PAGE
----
Usually, when a renowned band gets back together, the group is revisiting a substantive recorded legacy known intimately by its listeners. Gray's case, however, is an unusual one, in that their reunion album also happens to be their debut album. Gray were a part of New York's no wave underground scene in the early ‘80s, and while best known for having included the late, now-legendary visual artist Jean-Michel Basquiat (and at one point, actor/director Vincent Gallo), they created a sound that was way ahead of its time, even when compared to the groundbreaking efforts of their adventurous peers. But the short-lived band never released a record in its initial period of activity; a couple of tracks that eventually surfaced on the soundtrack to the Basquiat-starring film Downtown 81 are all that the original Gray left behind. After Basquiat's death, his old bandmates reconvened to play at his memorial, and subsequently began working on new music. Finally, three decades after their relative heyday, Gray have released an album, Shades Of..., which embarks on new sonic explorations using a similar sonic palette to that of their early work. That palette includes a rather dizzying array of colors, encompassing hip-hop, ambient atmospheres, industrial sounds, minimalism, art funk, moody post-punk, jazzy guitars, spoken word, and even pop. The results may not sound as revolutionary in the 21st century as Gray's similar-sounding early-‘80s music did, but it's clear that the band quietly prefigured everything from post-rock to electronica, even though hardly anyone ever realized it. The original lineup is not completely unrepresented here either -- though most of the tracks were recorded in the ‘90s and 2000s, the 1981 cut "Drum Mode" is included, as are some samples of Basquiat, which are reworked into an album that revisits a short, special window in New York's cultural history but somehow manages to sound strangely timeless.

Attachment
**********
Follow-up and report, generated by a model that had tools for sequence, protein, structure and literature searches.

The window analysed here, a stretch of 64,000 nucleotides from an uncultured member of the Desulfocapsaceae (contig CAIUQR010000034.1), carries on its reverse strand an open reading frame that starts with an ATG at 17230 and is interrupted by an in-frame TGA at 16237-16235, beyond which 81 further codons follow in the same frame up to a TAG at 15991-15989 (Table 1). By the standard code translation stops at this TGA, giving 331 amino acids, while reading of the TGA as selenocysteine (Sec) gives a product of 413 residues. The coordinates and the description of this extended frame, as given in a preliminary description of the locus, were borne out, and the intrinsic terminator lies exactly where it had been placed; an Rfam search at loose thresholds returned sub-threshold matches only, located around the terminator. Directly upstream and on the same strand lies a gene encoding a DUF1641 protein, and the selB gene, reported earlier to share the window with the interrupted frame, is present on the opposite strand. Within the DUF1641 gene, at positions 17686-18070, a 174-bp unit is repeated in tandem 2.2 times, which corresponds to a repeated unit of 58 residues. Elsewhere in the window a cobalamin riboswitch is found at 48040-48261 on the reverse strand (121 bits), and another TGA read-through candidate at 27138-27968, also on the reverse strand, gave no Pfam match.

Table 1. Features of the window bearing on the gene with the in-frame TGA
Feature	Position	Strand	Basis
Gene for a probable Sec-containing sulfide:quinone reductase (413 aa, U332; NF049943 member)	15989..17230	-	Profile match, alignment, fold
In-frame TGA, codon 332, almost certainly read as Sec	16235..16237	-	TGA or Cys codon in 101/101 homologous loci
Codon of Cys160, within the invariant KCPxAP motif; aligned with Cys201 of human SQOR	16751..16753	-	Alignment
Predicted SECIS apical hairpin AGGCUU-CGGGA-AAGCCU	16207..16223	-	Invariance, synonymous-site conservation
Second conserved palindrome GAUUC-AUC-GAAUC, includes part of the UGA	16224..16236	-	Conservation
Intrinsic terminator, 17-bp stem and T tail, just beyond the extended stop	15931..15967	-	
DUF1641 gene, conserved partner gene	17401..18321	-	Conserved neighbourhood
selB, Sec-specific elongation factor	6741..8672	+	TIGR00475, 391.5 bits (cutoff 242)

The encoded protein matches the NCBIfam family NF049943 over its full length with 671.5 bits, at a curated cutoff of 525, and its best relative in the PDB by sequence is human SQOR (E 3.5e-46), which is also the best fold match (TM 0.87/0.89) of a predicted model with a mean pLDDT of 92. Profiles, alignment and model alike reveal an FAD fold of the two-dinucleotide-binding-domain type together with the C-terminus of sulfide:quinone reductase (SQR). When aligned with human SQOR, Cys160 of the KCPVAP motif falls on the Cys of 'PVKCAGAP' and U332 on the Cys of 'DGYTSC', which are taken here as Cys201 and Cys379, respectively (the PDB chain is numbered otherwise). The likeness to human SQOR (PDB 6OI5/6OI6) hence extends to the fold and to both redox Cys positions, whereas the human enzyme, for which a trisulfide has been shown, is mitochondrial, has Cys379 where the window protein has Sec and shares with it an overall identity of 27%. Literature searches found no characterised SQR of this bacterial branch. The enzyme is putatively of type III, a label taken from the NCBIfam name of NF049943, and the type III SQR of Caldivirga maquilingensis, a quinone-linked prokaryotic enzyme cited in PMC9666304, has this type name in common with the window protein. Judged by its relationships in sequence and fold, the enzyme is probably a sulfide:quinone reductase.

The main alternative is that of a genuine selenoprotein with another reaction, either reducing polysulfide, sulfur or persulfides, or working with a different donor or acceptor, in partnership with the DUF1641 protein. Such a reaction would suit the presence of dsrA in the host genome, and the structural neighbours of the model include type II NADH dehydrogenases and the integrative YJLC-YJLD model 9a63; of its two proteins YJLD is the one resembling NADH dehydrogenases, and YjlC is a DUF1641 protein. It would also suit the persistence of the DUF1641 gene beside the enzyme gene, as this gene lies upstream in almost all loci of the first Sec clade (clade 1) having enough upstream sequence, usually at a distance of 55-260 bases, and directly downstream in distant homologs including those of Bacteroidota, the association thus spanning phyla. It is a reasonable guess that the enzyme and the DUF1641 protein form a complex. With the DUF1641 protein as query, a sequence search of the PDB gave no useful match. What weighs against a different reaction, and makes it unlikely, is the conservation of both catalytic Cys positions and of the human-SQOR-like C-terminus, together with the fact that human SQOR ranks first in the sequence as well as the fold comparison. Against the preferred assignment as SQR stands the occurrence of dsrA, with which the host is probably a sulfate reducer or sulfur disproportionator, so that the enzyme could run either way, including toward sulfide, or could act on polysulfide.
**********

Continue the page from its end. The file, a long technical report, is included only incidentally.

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AllMusic Review by James Allen